So would say Eamon Javers, the author of Broker, Trader, Lawyer, Spy, about corporate espionage.  This was a pretty fun read.  First, Javers exposes readers to one of the seedy underbellies of corporate America.  Spying.  Through interviews with scores of corporate spies, Javers explains the many ways corporations engage in some of the same behavior traditionally reserved for foreign and domestic governmental agencies.  The book also does a cursory job of reviewing corporate spying, stealing, and trickery throughout the 20th century, which is good for everyday readers.  Then he goes into some great stories about feuds between Nestle and Mars, about stock analysts who use psychoanalysts to determine if executives are lying on conference calls, and about the firms who “represent” companies overseas.

I’m not naive here.  I know that governments, corporations, and individuals do things that are illegal or at best unethical.  It happens all the time.  (Read my forthcoming recap of The Big Short).  But I can be cynical, so I think maybe sometimes I expect things that I actually shouldn’t.  When a big investor spends millions to analyze the vocal rhythms of a CEO doing an earnings call, that big investor is rigging the game.  And when Mars and Nestle can spend millions to steal info from one another or to encourage government to regulate the other, then they are tilting the pinball machine.  It’s cheating, plain and simple.  It may be part of who we are, but it is still cheating.  It is people who have unlimited money, trying to make more, and using underhanded techniques to do it.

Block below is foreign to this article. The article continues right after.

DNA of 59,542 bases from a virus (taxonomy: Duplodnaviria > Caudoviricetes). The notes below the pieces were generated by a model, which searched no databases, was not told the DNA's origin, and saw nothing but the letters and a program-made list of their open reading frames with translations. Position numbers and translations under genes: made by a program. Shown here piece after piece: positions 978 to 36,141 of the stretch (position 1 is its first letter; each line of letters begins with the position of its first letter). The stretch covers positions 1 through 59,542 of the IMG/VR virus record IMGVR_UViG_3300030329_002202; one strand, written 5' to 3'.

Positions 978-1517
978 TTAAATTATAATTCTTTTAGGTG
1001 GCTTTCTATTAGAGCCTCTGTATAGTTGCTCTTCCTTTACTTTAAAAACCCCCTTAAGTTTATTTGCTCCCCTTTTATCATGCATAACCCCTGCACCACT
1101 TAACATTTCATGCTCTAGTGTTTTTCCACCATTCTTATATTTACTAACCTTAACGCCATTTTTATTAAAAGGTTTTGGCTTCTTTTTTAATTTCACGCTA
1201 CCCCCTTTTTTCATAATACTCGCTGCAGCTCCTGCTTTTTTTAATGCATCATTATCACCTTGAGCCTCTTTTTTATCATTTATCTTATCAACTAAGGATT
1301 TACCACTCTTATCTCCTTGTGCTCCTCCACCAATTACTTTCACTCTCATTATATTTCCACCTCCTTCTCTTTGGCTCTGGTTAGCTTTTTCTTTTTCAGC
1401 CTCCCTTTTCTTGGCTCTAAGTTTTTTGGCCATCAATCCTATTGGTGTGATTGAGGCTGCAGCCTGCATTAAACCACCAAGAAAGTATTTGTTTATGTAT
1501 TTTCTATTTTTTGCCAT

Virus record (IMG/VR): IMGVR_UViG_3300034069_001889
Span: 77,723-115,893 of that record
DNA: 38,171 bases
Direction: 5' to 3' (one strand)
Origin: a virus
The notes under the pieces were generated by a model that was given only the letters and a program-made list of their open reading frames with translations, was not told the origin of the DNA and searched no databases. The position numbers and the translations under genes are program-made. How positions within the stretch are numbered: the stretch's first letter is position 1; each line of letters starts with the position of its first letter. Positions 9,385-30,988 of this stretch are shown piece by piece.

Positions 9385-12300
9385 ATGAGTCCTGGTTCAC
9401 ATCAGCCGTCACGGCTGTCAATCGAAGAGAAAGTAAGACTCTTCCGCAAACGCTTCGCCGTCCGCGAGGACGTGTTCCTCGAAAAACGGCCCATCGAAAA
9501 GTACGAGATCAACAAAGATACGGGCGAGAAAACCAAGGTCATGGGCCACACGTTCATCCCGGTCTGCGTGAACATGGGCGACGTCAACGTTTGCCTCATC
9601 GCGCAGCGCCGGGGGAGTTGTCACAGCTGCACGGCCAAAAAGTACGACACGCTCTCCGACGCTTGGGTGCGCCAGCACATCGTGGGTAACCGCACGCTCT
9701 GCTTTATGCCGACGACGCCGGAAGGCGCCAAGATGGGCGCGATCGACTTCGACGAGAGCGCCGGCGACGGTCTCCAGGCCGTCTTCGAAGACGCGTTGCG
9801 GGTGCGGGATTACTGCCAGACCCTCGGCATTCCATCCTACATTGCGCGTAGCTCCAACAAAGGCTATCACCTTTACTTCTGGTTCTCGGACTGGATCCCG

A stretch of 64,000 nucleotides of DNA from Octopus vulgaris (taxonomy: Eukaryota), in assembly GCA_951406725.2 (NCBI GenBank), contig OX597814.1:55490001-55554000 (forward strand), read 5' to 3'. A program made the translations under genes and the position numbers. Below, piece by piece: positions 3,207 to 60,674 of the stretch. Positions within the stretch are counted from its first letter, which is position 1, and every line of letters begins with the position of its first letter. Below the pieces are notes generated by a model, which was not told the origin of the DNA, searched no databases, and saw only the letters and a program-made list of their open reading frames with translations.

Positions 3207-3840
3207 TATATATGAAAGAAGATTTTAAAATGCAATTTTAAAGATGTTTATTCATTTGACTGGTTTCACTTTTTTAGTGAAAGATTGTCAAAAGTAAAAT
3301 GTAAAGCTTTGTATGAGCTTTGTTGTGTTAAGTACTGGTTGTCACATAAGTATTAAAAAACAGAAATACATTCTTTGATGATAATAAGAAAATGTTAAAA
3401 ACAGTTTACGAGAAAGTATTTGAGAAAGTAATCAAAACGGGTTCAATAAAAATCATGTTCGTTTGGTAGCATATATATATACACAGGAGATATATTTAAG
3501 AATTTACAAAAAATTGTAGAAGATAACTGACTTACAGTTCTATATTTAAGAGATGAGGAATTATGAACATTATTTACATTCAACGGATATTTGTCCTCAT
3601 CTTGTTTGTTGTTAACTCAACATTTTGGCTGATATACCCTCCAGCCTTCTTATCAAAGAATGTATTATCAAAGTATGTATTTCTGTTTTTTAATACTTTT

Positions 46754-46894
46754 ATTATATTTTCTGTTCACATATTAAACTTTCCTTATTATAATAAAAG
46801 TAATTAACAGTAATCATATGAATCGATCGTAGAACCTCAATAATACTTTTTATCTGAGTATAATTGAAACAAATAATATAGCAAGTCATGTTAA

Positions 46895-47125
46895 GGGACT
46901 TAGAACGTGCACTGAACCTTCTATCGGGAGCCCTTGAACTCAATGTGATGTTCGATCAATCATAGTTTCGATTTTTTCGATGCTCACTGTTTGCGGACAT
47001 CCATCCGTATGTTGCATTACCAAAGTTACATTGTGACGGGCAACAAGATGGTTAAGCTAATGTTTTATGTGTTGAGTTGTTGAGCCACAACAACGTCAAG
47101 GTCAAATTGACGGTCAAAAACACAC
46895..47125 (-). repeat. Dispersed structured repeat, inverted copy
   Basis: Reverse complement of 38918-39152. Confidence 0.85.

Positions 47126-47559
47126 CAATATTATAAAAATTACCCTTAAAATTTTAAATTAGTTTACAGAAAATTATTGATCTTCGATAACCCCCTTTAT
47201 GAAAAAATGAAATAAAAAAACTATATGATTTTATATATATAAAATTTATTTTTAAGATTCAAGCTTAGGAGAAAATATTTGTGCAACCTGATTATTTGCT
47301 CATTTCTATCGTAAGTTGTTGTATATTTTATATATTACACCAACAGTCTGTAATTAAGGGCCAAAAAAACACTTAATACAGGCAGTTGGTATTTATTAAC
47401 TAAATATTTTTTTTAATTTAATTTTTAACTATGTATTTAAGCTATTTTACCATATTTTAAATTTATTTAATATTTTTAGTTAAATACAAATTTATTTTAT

A book like this can fuel populism.  It proves that left unchecked, companies do not usually self-regulate to the level that Joe Q. Public expects them too.  It shows that some corporations have as many as or more resources than some governments.  And that even in this age of free information, there are still secrets out there only some can get access to.

I’m concerned that Javers, by all accounts a good writer and journalist, does not have the entire picture.  Do I really expect, after reading this book, that he is getting 100% of the story?  Hell no.  More like 60%.  So what’s left?  The stuff that would probably make my skin crawl.  I wish he had collaborated with a former spy turned whistleblower.  That would knock my socks off.

I completely agree with Javers’ conclusion that this industry needs more sunlight.  These are uncharted waters, and the media (what’s left of it) and places like the SEC would be wise to spend a little more time looking into these spying outfits and who uses them.  This kind of stuff isn’t covered in your generic corporate ethics policy either.  Ultimately, companies should begin to think about what kind of behavior they want to disallow within their own four walls.

In the same vein, the Wall Street Journal ran a piece on how some grocery companies have been funding opposition efforts to new Walmart developments in areas where the grocery companies are already established.   When you read the article, it seems that some of it is driven by the publicity aims of the owner of the company that helped the grocery companies interfere with competition.  Stupidly, the president of that company seems to have diarrhea of the mouth (and probably is experiencing a draught of new clients who expect discretion in such matters.)  While I don’t know if the WSJ sought out this story or if they were handed it, I give them credit for putting it on the front pages.  My guess is that there are other stories where this one came from.  They just might not all be that easy to find.  Maybe Javers’ book will help encourage more writing like this.